Kennedy Retiring from SCOTUS

Court's swing justice to step down, give Trump another appointment

Anthony M. Kennedy
Anthony M. Kennedy / Getty Images
June 27, 2018

Justice Anthony Kennedy announced Wednesday that he will retire from the Supreme Court, granting President Donald Trump the opportunity to permanently alter the balance of the court.

Kennedy will officially retire at the end of July, the Associated Press reports, ending 31 years of service that began with his appointment by President Ronald Reagan to fill the seat vacated by Associate Justice Lewis F. Powell. Kennedy told the press that he had already informed his colleagues and the president of his decision.

"For a member of the legal profession it is the highest of honors to serve on this Court. Please permit me by this letter to express my profound gratitude for having had the privilege to seek in each case how best to know, interpret, and defend the Constitution and the laws that must always conform to its mandates and promises," Kennedy wrote in his parting letter.

Kennedy's retirement leaves a void in the court, which would then be composed of four liberals and four conservatives. Kennedy has served as the court's "swing vote" in recent years, alternatingly joining his colleagues on the left and right in cases legalizing same-sex marriage, guaranteeing the right to keep and bear arms, and more. Kennedy finished the most recent term joining the majorities in NIFLA v. Becerra and Janus v. AFSCME in cases concerning crisis pregnancy centers and public sector unions.

That Kennedy has swung back and forth means that his departure is viewed by many conservatives as a major opportunity for the appointment of a staunch conservative, which could in turn massively alter the direction of future rulings.

"This is the moment conservative women have been waiting for—the chance to return justice and constitutional limits to the nation's highest court. This is the reason why they voted overwhelmingly for Donald J. Trump over Hillary Clinton," Penny Nance, president of Concerned Women for America, said.

All eyes now turn to the Oval Office, where Trump will have a second pick for the Supreme Court. His first, Neil Gorsuch, was sworn in in April of 2017, and has since proved a conservative lodestar, voting routinely with conservative colleague Clarence Thomas.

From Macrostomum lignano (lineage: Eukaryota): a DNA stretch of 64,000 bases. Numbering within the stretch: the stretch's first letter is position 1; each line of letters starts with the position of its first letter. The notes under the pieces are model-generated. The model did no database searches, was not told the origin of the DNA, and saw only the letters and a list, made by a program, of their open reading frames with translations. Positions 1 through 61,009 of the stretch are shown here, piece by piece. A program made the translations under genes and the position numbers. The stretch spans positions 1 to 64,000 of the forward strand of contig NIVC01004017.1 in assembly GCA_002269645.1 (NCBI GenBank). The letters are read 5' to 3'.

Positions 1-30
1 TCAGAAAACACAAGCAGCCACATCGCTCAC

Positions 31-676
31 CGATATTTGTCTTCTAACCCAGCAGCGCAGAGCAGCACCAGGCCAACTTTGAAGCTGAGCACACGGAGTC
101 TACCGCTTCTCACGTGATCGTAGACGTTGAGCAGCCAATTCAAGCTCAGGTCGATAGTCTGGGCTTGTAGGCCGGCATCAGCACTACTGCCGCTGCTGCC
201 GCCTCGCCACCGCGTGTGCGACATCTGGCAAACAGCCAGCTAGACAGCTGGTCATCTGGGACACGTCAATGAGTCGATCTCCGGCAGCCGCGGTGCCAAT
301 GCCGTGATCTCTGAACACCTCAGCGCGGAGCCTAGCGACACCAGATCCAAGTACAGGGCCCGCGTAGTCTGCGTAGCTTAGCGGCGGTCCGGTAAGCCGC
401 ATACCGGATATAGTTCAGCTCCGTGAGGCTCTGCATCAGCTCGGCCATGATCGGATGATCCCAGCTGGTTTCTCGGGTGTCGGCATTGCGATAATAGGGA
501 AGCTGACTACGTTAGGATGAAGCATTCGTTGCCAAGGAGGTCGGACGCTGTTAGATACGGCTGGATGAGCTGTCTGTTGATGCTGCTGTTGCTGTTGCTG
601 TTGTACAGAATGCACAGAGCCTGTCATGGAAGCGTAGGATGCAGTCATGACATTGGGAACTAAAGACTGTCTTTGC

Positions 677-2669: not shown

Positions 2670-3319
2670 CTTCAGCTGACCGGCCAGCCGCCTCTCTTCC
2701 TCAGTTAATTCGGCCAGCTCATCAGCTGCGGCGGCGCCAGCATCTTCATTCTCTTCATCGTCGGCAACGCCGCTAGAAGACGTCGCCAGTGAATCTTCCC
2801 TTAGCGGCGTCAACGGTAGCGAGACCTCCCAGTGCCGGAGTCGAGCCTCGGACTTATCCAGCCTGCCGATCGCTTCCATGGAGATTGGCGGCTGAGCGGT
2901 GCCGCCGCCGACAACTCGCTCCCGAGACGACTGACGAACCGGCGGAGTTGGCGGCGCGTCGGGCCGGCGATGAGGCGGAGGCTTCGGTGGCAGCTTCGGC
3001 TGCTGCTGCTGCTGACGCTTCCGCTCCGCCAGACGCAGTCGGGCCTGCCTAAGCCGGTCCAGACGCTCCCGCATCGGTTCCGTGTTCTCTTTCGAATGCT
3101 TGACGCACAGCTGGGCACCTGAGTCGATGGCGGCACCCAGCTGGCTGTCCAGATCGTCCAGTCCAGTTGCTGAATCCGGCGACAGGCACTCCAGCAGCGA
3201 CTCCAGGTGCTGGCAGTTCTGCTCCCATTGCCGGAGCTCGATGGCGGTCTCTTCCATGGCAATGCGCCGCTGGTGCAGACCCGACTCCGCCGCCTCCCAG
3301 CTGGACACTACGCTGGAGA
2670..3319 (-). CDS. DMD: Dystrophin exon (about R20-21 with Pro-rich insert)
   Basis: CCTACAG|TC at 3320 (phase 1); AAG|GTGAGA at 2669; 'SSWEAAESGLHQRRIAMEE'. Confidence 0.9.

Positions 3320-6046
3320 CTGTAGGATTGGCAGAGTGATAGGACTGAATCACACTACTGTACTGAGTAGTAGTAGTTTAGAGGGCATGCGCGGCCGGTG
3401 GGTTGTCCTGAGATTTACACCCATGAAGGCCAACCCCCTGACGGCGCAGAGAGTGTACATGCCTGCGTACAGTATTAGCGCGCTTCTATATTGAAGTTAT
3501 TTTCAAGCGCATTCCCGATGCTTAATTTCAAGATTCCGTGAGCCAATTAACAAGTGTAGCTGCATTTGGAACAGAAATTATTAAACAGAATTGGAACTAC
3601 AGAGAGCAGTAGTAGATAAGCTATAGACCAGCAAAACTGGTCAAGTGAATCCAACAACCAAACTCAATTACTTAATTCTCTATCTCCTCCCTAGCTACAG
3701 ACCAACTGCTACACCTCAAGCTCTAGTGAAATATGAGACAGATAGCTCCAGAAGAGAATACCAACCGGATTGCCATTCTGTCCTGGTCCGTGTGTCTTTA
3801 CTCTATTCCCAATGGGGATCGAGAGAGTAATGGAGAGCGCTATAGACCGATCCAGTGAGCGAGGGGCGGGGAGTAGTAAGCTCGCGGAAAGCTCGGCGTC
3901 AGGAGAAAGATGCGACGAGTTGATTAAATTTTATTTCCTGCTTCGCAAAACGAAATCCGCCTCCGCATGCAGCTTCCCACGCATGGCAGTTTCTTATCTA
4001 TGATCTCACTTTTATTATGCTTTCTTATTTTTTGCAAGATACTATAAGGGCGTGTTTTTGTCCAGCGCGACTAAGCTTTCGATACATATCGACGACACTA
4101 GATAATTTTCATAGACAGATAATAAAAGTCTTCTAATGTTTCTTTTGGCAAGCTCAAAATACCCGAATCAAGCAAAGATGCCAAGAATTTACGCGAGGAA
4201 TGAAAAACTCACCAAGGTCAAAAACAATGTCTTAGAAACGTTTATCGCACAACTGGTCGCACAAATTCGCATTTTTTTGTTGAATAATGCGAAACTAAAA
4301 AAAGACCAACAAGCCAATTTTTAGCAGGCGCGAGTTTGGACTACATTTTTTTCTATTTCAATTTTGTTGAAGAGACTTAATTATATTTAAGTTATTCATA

Speaking to the press Wednesday afternoon, just after Kennedy's announcement, Trump thanked Kennedy for his service and said that the search was now on for a replacement.

"We will begin our search for a new justice of the United States Supreme Court. That will begin immediately," he said.

The next nominee is likely to look a lot like Gorsuch, according to Leonard Leo, outside adviser to the president for judicial nominations. Leo serves in that capacity while on leave from his position as executive vice president of the Federalist Society, an influential conservative legal group which was central in the choice of Gorsuch.

"President Trump's list of potential nominees for this vacancy includes many of the very best judges in America, judges who have records of being fair and independent and applying the Constitution as it was written," Leo said in a release. "I expect the nominee to be like Justice Gorsuch, to demonstrate excellence in every respect, and to earn widespread support from the American people, and bipartisan support for confirmation in the Senate."

Prior to Gorsuch's nomination, Trump released an extensive list of possible nominees, a set which was eventually narrowed to Gorsuch and Judges Thomas Hardiman and William Pryor. It is unclear as of yet if either of these two men, or any of the other people named on Trump's initial list, are in the running to replace Kennedy.

Indeed, it is even as of yet unclear what the ideological lean of the eventual nominee will be. Thanks to the ending of the filibuster for Supreme Court nominees and a one-man majority, Senate Republicans can approve any Trump nominee along strictly partisan lines. Whether a nominee can rally the whole Republican caucus, however, remains to be seen.

Published under: Supreme Court